Monday, February 26, 2007

Marketing Management - 5 Things To Get Right - From The Start

Minimizing Confusion, Frustration, And Second-Guessing

During a Q&A session after speaking to an Executive MBA class, I was asked a familiar question from one of the candidates. Of course, all of these bright men and women had day jobs, some in the marketing discipline. The question was asked with some obvious frustration stemming from his current work environment. He asked, "I find myself continually frustrated in working on various marketing initiatives. We can't seem to consistently get our act together. If it's not one thing, it's another. Sometimes we don't have enough funding. Sometimes we aren't provided the necessary support or access to company resources. Sometimes we don't have the right people on the project. Sometime we don't even know where we're going. Is there a better way or should I change careers?"

No, don't change careers.

It's a familiar question that I hear frequently. The problem is primarily due to management not appreciating the dynamic process that is involved and what must be done to enable people to be successful. It is not enough to say "Here is what we need to do. You people are smart. Let's get it done." Of course, I am simplying, but typically people are sent off on marketing quests assuming they will figure it out. That's what they get paid for. This is usually not the case. In the majority of cases when post mortems are conducted on unsuccessful marketing initiatives, the problem is identified with a bad beginning. The adage, "things that start badly, end badly" fits well here.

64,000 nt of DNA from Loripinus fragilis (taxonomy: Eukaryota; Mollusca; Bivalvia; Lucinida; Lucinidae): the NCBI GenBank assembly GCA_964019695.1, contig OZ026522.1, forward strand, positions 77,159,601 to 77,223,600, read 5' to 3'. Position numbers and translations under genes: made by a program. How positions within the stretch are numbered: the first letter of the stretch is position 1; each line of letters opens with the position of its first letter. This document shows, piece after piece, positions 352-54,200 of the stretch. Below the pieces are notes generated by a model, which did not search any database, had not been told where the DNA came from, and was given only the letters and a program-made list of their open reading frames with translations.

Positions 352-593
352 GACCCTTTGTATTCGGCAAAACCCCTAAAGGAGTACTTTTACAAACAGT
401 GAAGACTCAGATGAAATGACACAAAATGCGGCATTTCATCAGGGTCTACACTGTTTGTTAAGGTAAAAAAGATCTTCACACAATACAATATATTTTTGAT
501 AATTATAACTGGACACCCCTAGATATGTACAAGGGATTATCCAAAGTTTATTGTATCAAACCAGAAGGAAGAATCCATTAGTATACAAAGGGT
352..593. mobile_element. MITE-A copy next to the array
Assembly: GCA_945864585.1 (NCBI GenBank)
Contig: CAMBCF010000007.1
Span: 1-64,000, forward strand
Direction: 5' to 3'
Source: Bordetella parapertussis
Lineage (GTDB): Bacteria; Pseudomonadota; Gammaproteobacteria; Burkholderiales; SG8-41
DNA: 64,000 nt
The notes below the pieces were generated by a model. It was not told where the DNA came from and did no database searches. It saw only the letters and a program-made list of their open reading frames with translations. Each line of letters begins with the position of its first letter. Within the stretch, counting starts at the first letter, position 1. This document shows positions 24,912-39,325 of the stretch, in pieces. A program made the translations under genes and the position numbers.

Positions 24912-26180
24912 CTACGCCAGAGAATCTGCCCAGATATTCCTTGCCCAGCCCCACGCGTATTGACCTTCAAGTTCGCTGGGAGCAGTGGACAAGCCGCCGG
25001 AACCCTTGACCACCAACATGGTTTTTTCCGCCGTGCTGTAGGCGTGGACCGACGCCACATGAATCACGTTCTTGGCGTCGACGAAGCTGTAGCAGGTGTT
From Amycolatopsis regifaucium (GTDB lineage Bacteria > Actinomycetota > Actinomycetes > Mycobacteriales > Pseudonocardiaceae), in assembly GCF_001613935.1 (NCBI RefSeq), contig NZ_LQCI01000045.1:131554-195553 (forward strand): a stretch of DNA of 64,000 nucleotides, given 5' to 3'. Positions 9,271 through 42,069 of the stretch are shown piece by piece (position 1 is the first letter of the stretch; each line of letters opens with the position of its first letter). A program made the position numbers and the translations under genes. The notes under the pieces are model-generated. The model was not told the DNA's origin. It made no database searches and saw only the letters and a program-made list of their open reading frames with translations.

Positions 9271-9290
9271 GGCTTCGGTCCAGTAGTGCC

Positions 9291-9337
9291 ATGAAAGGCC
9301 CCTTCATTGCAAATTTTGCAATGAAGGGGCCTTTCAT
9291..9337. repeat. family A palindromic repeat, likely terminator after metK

In order for a marketing initiative to be successfully executed for optimum results, five key elements need to be aligned and working in concert. These include a strong and clear vision, a team with strong and appropriate skill sets, performance incentives, the resources or funding necessary to implement the initiative, and a concise action plan specifying the who, how, when, and what to do including performance benchmarks and expected results.

The attached chart illustrates what can happen when one or more of these key elements is missing or lacking.

  • Without a clear vision, confusion is more than likely to percolate.
  • Without the proper skills, team anxiety can occur, i.e. "do we have the right talent?"
  • Without performance incentives, things progress with less gusto and more gradually
  • Without the necessary resources and funding, frustration will set in.
  • Without a clear action plan, there is likely to be many false starts.
In summary, it is critical for marketing initiatives to get off on the right foot. Understand the importance of the five elements working in concert or be prepared to deal with consequences.

And as for the Executive MBA candidate, I told him that marketing needs people like him who ask questions. Keep asking and don't let school interfere with your education.